By Dr Peter Evans
Porcine Epidemic diarrhoea (PED) is a disease caused by a Group 1 Coronavirus of family Coronaviridae. Transmissible Gastroenteritis (TGE) and Porcine Corona Respiratory disease (PRCD) also fall into this group.PED type 1 was diagnosed in the UK for the first time in 1971. The disease was primarily a disease of fattening pigs. The initial name given to the disease was Epidemic Viral Disease (EVD).
A second outbreak of acute diarrhoeas which now included suckling pigs (and all other ages of pigs) was investigated in Europe in 1976.This disease was called EVD type 2.
In 1978 researchers were able to identify that these outbreaks were caused by a coronavirus which was different to TGEv. In 1982 the name Porcine Epidemic diarrhoea was adopted.
The disease was identified in many countries in Europe in the 1980’s, India in 2003, China (1992), Korea (1993) and Japan (1983). 55% of Spanish farms were serologically identified to have PEDv in 1992/3.
At that time there were no reports of PEDv in the Americas.
(One must keep in mind that the years indicated are years that surveys/research was done and does not indicate a timeline of spread of the virus).
Britain reported a clinical outbreak during 1998 and Hungary in 1995. In Czech Republic about 12% of samples tested in 2003/4 were in combination with other enteric viruses. In 2005/6 Italy experienced acute outbreaks, while Spain experiences an average of five cases per year (European strain) causing 10-25 % deaths in suckling pigs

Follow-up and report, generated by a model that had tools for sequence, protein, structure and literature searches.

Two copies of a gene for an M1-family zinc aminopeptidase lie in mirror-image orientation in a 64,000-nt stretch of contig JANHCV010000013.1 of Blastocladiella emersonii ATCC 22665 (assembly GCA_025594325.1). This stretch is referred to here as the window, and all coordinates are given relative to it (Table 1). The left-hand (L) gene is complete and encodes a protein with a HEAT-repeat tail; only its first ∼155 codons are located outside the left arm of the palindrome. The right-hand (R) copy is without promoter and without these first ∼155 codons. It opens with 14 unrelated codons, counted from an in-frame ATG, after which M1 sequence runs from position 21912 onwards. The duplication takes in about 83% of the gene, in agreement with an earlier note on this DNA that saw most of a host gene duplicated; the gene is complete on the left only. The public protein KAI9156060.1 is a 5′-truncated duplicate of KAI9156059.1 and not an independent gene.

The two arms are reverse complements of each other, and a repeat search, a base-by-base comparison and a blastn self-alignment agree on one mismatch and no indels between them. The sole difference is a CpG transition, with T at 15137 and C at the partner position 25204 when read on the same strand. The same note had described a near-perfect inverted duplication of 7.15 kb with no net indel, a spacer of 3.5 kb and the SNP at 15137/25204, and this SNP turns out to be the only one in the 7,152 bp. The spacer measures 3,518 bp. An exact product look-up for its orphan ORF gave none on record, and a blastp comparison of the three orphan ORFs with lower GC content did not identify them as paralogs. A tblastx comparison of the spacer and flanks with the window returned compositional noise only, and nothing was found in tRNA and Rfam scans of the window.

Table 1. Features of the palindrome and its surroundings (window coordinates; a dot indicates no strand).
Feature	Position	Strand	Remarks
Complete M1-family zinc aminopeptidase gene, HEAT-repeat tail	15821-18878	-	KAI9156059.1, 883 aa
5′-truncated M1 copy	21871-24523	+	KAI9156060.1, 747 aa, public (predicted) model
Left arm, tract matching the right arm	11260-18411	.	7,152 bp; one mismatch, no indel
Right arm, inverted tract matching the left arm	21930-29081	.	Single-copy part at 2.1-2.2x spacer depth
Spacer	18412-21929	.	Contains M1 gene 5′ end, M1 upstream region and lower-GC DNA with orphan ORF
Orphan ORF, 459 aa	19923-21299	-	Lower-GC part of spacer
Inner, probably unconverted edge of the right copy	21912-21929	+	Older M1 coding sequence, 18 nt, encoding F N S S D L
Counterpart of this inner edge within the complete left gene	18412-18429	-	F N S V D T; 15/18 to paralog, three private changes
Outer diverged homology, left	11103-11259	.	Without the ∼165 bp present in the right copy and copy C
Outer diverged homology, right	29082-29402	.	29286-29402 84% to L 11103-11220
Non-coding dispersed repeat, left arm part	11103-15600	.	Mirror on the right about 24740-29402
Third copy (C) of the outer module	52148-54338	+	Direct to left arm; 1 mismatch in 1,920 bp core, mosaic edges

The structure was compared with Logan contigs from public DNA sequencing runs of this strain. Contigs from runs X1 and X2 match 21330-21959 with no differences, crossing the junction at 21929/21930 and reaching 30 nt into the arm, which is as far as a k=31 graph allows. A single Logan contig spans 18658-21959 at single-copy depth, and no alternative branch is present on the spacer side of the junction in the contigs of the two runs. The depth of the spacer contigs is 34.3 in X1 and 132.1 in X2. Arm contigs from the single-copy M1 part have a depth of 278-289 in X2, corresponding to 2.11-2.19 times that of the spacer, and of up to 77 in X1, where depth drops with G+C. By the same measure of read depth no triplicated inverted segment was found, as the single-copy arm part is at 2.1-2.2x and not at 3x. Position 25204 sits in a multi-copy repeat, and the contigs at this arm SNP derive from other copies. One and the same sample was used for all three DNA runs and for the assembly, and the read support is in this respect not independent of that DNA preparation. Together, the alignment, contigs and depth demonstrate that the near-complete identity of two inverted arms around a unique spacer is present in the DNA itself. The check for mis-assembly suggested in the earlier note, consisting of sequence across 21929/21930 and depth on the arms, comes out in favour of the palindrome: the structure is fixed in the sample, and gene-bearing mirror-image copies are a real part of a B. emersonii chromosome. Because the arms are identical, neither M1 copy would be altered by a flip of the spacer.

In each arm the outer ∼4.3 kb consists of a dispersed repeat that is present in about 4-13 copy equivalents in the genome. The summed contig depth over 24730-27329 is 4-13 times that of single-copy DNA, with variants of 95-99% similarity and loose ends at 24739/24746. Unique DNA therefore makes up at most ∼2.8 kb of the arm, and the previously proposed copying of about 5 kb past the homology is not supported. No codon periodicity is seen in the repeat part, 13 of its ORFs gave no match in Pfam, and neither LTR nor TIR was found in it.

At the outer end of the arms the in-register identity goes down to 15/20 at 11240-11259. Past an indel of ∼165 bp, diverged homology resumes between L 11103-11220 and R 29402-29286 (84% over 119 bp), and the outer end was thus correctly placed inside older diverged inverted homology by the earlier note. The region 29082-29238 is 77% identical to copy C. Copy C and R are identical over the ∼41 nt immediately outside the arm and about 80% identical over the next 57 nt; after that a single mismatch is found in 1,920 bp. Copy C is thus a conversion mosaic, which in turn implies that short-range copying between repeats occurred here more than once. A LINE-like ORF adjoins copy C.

Japan had severe outbreaks during 1993 and ’94 with mortalities ranging from 30—100%; followed by a severe outbreak on 108 farms in 1996 (70% mortality). Korea also had similar problems in the 1990’s.
More recent situation (post 2010)
Until 2013 Americas were free of PEDv. After outbreaks in USA, slaughter pigs in the UK were tested serologically – 10% were positive to PEDv (European strain).
During the period 2010-12 there was a rapid spread of an especially virulent PEDv in China which also affected Philippines and South Korea. During 2013 Japan experienced a severe outbreak after a seven-year lull.
The PEDv virus that affected the USA was soon found in other countries in the Americas: 2013 in Mexico; spread into Colombia, Dominican Republic and Peru by March 2014.
By March 2014, 30 US states were affected. The PEDv has been shown to be 99% similar to Chinese strains. Despite the best efforts to keep the disease out of Canada, the disease was diagnosed in Ontario in January 2014.
In March 2014 a new virus was diagnosed, causing diarrhoea, but not as virulent as PEDv. The virus was identified as a DeltaCorona virus (PEDv is an alphacoronavirus). Porcine Delta Coronavirus (PDCoV) has been identified in 17 US states by August 2014.
How was the virus introduced and spread into the USA?
Many of the farms that became infected with PEDv were biosecure conscious and had good systems in place. The first case was on a farm in Ohio closely followed by three other farms. It soon became apparent that these farms shared feed sources. All fours sites became positive within one week of changing feed.
Unfortunately feed tested negative for PEDv, but clinical signs suggest otherwise.
The possibility of feed being the source was supported by the introduction into Canada. Canada had been proactive in attempting to keep the disease out: heightened biosecurity; inspections of trucks from the US, in-depth risk assessment and environmental surveillance. The Canadian suspected transportation of feed after case seven was identified on the remote Prince Edward Island (18 of 20 farms used the same feed supplier).
The US now suspects that imported porcine plasma was probably the cause of the outbreak. Further research into plasma protein has revealed that PEDv is killed during processing which leads one to believe that if imported plasma protein was the source, it would have been contaminated post processing.